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Study Links Epilepsy and Schizophrenia Risk

But an Expert Calls the Risk 'Fairly Low'
WebMD Health News

June 16, 2005 -- There is a "strong association" between epilepsy and schizophrenia, says a Danish study of more than 2 million people.

People with epilepsy had about 2.5 times the risk of schizophrenia as the general population, says the study, which is posted on BMJ Online First.

Yet that's "fairly low," says Charles Raison, MD. Most people with epilepsy probably aren't in danger of schizophrenia, he says.

Raison directs the Behavioral Immunology Clinic at Emory University's medical school. Previously, he was a consulting psychiatrist for the epilepsy service at the University of California at Los Angeles (UCLA).

Raison didn't work on the study, but he read it and put it in perspective for WebMD. He says he wasn't surprised to see a higher risk for epilepsy patients and that clinicians should consider seizures as a possible factor in psychotic patients. "I always wonder about that when we see new onset of psychosis," he says.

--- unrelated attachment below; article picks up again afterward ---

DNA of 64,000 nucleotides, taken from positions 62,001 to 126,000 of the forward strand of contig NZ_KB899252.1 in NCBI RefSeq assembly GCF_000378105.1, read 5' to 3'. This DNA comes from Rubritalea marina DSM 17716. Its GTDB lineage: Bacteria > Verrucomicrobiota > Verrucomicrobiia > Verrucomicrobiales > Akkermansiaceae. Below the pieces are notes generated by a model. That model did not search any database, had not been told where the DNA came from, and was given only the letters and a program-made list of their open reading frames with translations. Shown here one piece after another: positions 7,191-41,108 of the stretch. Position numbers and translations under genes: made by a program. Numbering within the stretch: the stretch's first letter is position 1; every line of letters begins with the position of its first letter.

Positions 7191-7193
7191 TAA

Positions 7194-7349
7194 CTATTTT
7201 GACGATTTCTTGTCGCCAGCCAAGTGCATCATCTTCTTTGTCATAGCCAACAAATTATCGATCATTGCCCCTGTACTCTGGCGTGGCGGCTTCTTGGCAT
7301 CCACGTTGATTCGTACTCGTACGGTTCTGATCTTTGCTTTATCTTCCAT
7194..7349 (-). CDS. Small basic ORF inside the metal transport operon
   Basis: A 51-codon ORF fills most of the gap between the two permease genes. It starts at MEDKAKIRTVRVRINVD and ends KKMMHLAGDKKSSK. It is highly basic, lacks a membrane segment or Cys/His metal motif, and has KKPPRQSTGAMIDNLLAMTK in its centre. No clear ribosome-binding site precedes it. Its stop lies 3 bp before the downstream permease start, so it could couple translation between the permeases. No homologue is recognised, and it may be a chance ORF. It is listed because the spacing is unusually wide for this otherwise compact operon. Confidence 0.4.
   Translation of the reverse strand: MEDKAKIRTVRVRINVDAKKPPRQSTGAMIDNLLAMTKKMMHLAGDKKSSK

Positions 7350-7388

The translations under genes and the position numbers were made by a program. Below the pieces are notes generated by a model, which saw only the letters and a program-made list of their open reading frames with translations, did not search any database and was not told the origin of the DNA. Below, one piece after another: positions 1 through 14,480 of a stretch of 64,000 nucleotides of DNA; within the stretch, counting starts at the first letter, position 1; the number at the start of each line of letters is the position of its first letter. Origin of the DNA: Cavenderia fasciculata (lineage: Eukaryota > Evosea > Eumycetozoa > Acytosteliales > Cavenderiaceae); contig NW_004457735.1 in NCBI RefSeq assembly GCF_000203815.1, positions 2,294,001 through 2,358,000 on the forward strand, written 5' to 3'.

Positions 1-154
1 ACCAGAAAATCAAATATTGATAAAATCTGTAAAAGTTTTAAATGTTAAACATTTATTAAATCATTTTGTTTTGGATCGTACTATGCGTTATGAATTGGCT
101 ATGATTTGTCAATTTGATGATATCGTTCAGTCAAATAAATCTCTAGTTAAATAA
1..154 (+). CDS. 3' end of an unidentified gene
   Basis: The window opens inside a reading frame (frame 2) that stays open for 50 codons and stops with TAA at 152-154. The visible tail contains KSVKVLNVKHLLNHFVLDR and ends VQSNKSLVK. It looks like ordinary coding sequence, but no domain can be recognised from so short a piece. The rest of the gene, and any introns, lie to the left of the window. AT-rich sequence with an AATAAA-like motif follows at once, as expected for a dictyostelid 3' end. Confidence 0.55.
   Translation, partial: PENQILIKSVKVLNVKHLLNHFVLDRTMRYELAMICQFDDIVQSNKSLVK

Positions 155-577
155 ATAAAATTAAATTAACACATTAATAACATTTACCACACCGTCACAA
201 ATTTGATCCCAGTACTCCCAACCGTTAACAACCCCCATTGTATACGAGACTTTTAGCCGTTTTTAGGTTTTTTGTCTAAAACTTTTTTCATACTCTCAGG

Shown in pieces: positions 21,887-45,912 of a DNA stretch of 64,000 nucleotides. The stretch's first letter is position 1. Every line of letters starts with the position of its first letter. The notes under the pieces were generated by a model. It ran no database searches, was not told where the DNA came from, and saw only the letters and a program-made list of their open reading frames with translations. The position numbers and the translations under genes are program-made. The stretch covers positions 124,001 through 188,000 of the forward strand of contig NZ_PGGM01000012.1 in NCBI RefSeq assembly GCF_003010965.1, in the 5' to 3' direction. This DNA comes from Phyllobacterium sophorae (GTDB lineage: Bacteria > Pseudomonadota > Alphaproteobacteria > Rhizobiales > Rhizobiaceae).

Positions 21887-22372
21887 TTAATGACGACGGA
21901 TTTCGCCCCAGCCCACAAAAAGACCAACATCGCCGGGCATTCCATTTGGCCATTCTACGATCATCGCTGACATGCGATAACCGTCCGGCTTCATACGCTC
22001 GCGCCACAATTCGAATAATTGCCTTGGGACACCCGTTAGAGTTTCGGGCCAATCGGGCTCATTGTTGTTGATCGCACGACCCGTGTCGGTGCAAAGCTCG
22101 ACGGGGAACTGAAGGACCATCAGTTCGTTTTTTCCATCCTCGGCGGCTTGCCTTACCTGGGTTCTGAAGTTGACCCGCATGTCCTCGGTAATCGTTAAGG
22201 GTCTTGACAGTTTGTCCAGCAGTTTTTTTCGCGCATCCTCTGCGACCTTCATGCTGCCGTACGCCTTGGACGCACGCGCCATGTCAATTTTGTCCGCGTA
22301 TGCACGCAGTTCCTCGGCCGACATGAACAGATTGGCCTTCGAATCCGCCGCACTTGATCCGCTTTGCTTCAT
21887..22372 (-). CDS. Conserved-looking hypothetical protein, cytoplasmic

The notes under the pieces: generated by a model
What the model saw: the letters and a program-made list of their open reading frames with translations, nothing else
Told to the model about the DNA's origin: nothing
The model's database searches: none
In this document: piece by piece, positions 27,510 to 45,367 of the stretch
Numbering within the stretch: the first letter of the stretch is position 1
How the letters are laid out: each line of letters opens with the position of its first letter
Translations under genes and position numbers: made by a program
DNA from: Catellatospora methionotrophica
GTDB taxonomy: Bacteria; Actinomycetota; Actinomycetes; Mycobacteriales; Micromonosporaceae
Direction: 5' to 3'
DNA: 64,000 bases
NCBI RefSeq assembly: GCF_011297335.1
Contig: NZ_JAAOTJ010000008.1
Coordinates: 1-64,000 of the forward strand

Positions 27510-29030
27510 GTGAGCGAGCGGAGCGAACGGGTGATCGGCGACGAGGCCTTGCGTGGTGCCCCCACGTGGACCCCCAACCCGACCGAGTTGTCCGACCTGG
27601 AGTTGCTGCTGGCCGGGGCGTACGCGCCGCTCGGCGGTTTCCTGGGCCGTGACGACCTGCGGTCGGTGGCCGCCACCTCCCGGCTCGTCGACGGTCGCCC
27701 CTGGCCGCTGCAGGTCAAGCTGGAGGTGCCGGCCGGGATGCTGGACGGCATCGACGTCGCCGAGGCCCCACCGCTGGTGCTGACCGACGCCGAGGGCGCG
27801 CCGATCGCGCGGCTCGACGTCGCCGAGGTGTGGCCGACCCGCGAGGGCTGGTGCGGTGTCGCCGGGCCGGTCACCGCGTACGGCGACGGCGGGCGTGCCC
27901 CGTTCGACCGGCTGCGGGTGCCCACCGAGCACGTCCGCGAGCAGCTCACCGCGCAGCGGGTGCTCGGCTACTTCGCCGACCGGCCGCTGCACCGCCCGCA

Risk Is Still Small for Patients

The increased risk "doesn't mean that patients are going to go insane," says Raison.

He says that schizophrenia risk is very small -- about 1%, in general. But even with the higher risk cited in the study, people with epilepsy still have only a 2-3 in 100 chance of developing schizophrenia. "That's of some concern," says Raison, but "you can get a large increase in risk [and] if the risk is small, you're still very safe."

Put it this way, says Raison: "If I told you you had a 2.5% chance of winning a million bucks in the lottery, you might be excited, but you'd be an idiot to quit your job."

Study's Findings

The Danish study was based on records in a national database of more than 2.2 million people age 15 and older. Researchers reviewed their histories until December 2002, or until they died or were diagnosed with schizophrenia or schizophrenia-like psychosis.

Very few people (1.5%) had epilepsy and only a sliver of them had schizophrenia or related psychosis. Of the epilepsy patients, fewer than one in a hundred (0.8%) were admitted to a hospital for schizophrenia, and 1.5% were admitted for schizophrenia-like psychosis.

The risk was similar for men and women, and for all types of epilepsy. Age and family history of epilepsy or schizophrenia were important. The risk rose with age and was higher in those with no family history of psychosis.

Hospital treatment is free for all Danish residents, so economic factors shouldn't have interfered, say the researchers. They included Ping Qin, an associate professor at Denmark's University of Aarhus.

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